Now this was one of those things that "we were always taught", that children were not permitted to partake of the Lord's Supper until they had been saved and baptized. I remember clearly right after my own salvation when I was nearly 6, the excitement that NOW I would get to take Communion!

Now, the Lord's Supper is pretty serious business, and as an adult, I understand a lot more about just how important it is to be sure your heart is right when participating in this ordinance. However, it occurred to me this year after my sister's comment that as far as children not partaking -- well, that isn't Scriptural. Nowhere does it say children should not be permitted to participate until they have accepted Christ... so I began thinking more on this subject.

Jesus and his disciples were celebrating Passover, and it is one small part of the Seder meal that Jesus then establishes as something we are to do in remembrance of Him. So the Lord's Supper has its roots in the Passover meal, and children always participated in the Passover celebration. In fact, the Passover meal is used to teach children about the wonderful things God did for His people. Should not then the Lord's Supper be used for the same purpose? Shouldn't young children be allowed to participate, and the experience be used to teach them what Jesus has done for them?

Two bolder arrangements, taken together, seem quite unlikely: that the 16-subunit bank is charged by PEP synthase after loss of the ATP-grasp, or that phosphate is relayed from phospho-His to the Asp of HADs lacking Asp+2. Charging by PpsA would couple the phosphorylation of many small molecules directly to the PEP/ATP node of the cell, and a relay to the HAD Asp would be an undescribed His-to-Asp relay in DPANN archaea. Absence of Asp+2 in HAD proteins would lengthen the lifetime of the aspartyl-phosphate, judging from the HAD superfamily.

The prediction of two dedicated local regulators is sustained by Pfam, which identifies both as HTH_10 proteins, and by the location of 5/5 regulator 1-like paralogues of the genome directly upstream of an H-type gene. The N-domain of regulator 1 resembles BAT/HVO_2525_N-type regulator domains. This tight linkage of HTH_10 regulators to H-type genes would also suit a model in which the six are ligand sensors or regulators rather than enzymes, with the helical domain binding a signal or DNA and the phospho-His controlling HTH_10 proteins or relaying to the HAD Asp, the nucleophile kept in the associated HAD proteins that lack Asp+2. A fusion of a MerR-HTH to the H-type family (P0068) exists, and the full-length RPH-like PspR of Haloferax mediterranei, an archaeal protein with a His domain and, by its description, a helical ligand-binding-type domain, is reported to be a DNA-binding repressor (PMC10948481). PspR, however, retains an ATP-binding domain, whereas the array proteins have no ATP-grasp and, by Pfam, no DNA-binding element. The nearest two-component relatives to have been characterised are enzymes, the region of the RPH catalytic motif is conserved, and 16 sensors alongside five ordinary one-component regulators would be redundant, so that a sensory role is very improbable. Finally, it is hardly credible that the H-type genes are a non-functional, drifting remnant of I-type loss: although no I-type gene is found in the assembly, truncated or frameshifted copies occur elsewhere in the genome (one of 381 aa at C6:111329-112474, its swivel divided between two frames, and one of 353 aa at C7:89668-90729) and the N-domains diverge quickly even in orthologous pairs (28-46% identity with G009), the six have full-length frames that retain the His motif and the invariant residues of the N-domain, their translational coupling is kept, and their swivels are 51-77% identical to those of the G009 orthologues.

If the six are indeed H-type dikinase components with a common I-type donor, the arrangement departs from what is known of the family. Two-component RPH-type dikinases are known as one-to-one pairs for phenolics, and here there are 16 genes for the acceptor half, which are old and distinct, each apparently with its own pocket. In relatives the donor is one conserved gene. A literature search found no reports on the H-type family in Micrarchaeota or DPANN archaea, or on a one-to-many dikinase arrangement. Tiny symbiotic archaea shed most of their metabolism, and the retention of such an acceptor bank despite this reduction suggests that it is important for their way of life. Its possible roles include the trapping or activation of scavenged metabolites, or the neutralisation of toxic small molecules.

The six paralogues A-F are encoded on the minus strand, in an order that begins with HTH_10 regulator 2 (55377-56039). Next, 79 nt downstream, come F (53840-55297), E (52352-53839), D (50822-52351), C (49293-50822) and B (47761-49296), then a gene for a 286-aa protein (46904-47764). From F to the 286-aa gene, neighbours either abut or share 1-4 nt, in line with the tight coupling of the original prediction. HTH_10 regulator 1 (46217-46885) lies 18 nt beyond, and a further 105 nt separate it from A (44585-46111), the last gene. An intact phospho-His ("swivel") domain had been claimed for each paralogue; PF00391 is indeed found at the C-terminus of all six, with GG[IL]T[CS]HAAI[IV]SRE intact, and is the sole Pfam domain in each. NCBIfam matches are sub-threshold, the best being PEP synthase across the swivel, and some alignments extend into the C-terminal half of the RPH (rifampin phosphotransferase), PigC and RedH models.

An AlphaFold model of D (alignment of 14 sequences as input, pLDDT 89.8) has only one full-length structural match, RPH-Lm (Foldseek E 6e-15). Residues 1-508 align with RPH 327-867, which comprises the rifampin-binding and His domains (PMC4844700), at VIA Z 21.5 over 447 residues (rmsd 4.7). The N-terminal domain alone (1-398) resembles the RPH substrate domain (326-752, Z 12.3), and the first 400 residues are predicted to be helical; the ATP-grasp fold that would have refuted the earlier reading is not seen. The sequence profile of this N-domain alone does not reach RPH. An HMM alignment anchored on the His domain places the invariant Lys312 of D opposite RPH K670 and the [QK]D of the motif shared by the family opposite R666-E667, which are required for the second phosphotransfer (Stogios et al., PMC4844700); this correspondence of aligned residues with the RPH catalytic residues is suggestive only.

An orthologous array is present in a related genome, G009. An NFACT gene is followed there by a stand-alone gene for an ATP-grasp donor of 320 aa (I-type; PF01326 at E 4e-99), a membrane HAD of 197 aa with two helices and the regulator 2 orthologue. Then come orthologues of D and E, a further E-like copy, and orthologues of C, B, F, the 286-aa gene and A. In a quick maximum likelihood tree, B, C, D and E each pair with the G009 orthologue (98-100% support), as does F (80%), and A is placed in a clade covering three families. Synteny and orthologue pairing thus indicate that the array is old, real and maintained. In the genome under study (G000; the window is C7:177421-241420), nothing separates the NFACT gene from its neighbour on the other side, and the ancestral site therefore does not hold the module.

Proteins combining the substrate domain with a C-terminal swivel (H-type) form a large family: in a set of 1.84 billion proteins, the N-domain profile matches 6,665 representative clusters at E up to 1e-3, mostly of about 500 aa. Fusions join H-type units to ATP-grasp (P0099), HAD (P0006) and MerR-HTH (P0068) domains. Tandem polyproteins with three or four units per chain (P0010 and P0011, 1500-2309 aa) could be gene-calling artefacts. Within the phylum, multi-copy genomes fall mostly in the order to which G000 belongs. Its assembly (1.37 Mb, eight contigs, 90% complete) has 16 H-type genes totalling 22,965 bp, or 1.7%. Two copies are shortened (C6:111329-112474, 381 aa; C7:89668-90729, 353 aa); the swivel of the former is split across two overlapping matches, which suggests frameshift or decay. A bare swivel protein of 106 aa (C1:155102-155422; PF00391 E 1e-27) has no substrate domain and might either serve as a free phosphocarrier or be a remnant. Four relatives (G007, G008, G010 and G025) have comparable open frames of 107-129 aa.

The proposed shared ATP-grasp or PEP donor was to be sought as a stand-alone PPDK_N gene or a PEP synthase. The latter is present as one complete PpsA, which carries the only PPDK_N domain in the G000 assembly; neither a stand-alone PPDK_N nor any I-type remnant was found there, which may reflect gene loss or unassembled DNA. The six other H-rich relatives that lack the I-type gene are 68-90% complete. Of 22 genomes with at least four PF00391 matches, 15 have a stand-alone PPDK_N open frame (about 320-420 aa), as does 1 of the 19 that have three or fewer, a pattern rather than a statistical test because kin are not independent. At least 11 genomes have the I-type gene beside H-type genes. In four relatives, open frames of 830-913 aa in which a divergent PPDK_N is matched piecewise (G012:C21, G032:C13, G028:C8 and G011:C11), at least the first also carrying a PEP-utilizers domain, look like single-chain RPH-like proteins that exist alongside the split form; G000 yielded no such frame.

The more I thought about it, the more certain I became that Little Girl should indeed participate -- but not merely to avoid her throwing a tantrum and to give her a cracker and grape juice, but to teach her the significance of what we are doing. And after all, this is a little girl who loves Jesus, despite not having made an official "salvation decision" due to her young age. So after discussing my thoughts with her mother, that's exactly what we did.

Christmas Eve afternoon, I sat down with Little Girl and her Beginners Bible, and started to read, from the birth of Baby Jesus right up through his life, and then the story about the Last Supper. As I read, I talked to her about how we were going to do this at church, and how it was a very special thing that she was going to get to do to remember Jesus. We read on about his death and resurrection, and talked about how the broken bread/cracker reminds us of Jesus' body being broken on the cross, and how the grape juice (wine) represents His blood. "But it's not REALLY blood, it's just grape juice," Little Girl said. :)

And so we went to church, and the Christmas Eve service began. I came armed with crayons and paper in the hopes that this would keep Little Girl quiet, and with no suggestion of what to draw, she promptly drew these two pictures.